As regular readers know, the BBC’s coverage of the missile attacks launched from the Gaza Strip at civilian population centres in Israel since the end of the summer 2014 conflict has been – to put it kindly – patchy.
Throughout September 2015 there were three separate incidents of missile fire, none of which were the subject of any stand-alone reporting by BBC News.
September 18th 2015 – missile fire on Sderot and Ashkelon got 19 words of reporting in a BBC News article on a different topic. The Israeli response was reported by BBC Arabic.
September 21st 2015 – missile fire at the Hof Ashkelon area was not reported by BBC News.
September 29th 2015 – missile fire at Ashdod got 15 words of coverage in an article on another topic which were later removed when the report was updated. Israel’s response to the attack was covered by BBC Arabic.
The Eshkol region came under attack again on the night of October 9th/10th and the missile fire was later claimed by a Salafist group in the Gaza Strip. That attack was reported in an article titled “Israeli-Palestinian violence: Gaza rocket lands in Israel” which appeared on the BBC News website’s Middle East page on October 10th.
With this being the first BBC News headline describing a missile attack from the Gaza Strip since September 2014, one cannot but conclude that its appearance is linked to augmented BBC reporting on the current wave of terror attacks which, despite its headline, are the subject matter of the bulk of that report.
Less than 24 hours later – late on the evening of October 10th – another missile was launched at the Hof Ashkelon area but was successfully intercepted by the Iron Dome missile defence system. The Israeli airforce later responded with strikes on Hamas weapons manufacturing sites in the northern Gaza Strip and Palestinian officials announced that two people had been killed when an explosion at one of the targeted sites caused a nearby home to collapse. The BBC headlines did not take long to appear.
BBC Arabic promoted its report on the incident at the head of its main webpage on the morning of October 11th with a headline devoid of any reference to what preceded the Israeli response.
Visitors to the BBC News website’s homepage found the following context-free description which likewise fails to inform readers of what came before the Israeli response:
“Israeli jets carry out air strikes on two targets in the Gaza Strip, in the latest sign of mounting tensions between Israelis and Palestinians”
On the website’s ‘World’ page, the same statement appeared with a different and equally context-free headline – “Israeli jets hit targets in Gaza Strip”.
The same headline and strapline featured prominently on the Middle East page.
The BBC News report appearing on all those pages of the website was originally titled “Israeli-Palestinian violence: US expresses concern” and in that initial report (and all later versions) the BBC once again promoted uncritical amplification of a trope which forms the foundation for much of the Palestinian incitement fueling the latest wave of terrorism.
“There have been weeks of tension over access to a site in East Jerusalem sacred to both Jews and Muslims.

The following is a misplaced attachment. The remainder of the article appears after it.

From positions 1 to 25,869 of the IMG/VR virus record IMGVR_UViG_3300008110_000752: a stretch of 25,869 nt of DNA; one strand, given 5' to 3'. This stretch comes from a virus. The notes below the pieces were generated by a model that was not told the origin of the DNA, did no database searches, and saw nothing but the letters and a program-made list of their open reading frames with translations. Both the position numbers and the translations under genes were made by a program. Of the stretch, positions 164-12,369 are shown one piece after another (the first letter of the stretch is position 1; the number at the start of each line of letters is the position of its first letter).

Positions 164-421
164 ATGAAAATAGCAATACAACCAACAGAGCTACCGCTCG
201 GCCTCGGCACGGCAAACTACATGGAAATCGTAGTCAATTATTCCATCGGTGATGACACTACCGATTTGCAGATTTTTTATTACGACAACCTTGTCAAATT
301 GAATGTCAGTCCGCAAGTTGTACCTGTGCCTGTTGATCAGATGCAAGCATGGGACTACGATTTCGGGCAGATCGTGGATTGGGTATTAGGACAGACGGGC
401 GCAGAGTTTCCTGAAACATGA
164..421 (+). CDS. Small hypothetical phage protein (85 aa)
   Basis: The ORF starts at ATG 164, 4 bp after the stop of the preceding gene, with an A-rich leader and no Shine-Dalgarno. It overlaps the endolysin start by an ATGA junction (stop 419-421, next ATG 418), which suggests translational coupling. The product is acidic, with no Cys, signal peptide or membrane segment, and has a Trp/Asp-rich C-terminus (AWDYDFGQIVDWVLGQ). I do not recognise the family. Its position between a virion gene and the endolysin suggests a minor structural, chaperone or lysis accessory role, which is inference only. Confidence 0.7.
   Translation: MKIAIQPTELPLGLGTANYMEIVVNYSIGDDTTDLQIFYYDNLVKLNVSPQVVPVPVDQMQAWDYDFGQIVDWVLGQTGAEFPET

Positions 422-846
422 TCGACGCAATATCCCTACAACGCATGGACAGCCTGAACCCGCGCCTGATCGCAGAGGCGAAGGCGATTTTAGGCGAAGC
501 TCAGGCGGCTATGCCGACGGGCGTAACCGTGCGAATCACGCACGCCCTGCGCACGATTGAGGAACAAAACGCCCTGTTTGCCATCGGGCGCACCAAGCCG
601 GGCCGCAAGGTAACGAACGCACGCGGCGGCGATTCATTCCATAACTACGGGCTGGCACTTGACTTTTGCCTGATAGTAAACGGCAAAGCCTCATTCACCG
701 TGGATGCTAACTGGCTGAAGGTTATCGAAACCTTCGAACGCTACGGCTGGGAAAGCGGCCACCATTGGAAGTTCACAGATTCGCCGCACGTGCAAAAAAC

Palestinians fear Israel plans to change arrangements at the al-Aqsa mosque/Temple Mount compound, where Jews are allowed to visit but not allowed to pray – something Israel insists it will continue.”
Some four hours after publication, the article’s headline was changed to read “Israeli jets hit targets in Gaza Strip” and the report opened in typical ‘last-first reporting’ style, with no mention of the people affected by the events laconically described as “rockets fired from Gaza into southern Israel”.
“Israel says its jets have hit two targets in the Gaza Strip.
The targets were “Hamas weapon manufacturing facilities”, the Israeli military said, adding the strikes were in response to two rockets fired from Gaza into southern Israel.
A woman and her young daughter in a nearby house were killed during the air raid, Palestinian officials said.”
Readers would obviously conclude from that portrayal that the woman and child were killed by the Israeli strike.
The fourth round of amendments to the report saw a new headline – “Israeli jets hit targets in Gaza Strip, killing a mother and child” – with the BBC backtracking from its previous assertion that the casualties “were killed during the air raid” but showing no interest in clarifying why a Hamas weapons manufacturing facility was located in a residential area.
Around an hour later, the headline was changed yet again to read “Palestinians killed in Israel Gaza air strike“.
All versions of the article failed to inform readers that missile attacks on Israeli civilians are a regular occurrence, independent of the current wave of terrorism. All versions of the report close with the following statements:
“The violence has spurred talk from Hamas, which dominates Gaza, of a new Palestinian intifada, or uprising.
But the clashes have not yet reached the scale of previous intifadas, with no clear mass movement or leadership so far emerging.”
Yet again, however, the BBC fails to provide its audiences with any information about the incitement from unofficial and official Palestinian sources which underpins the current wave of terrorism and the very relevant subject of Hamas’ efforts to boost its terror infrastructure in Judea & Samaria over recent months – which the BBC has failed to report at all – does not get a mention in this report.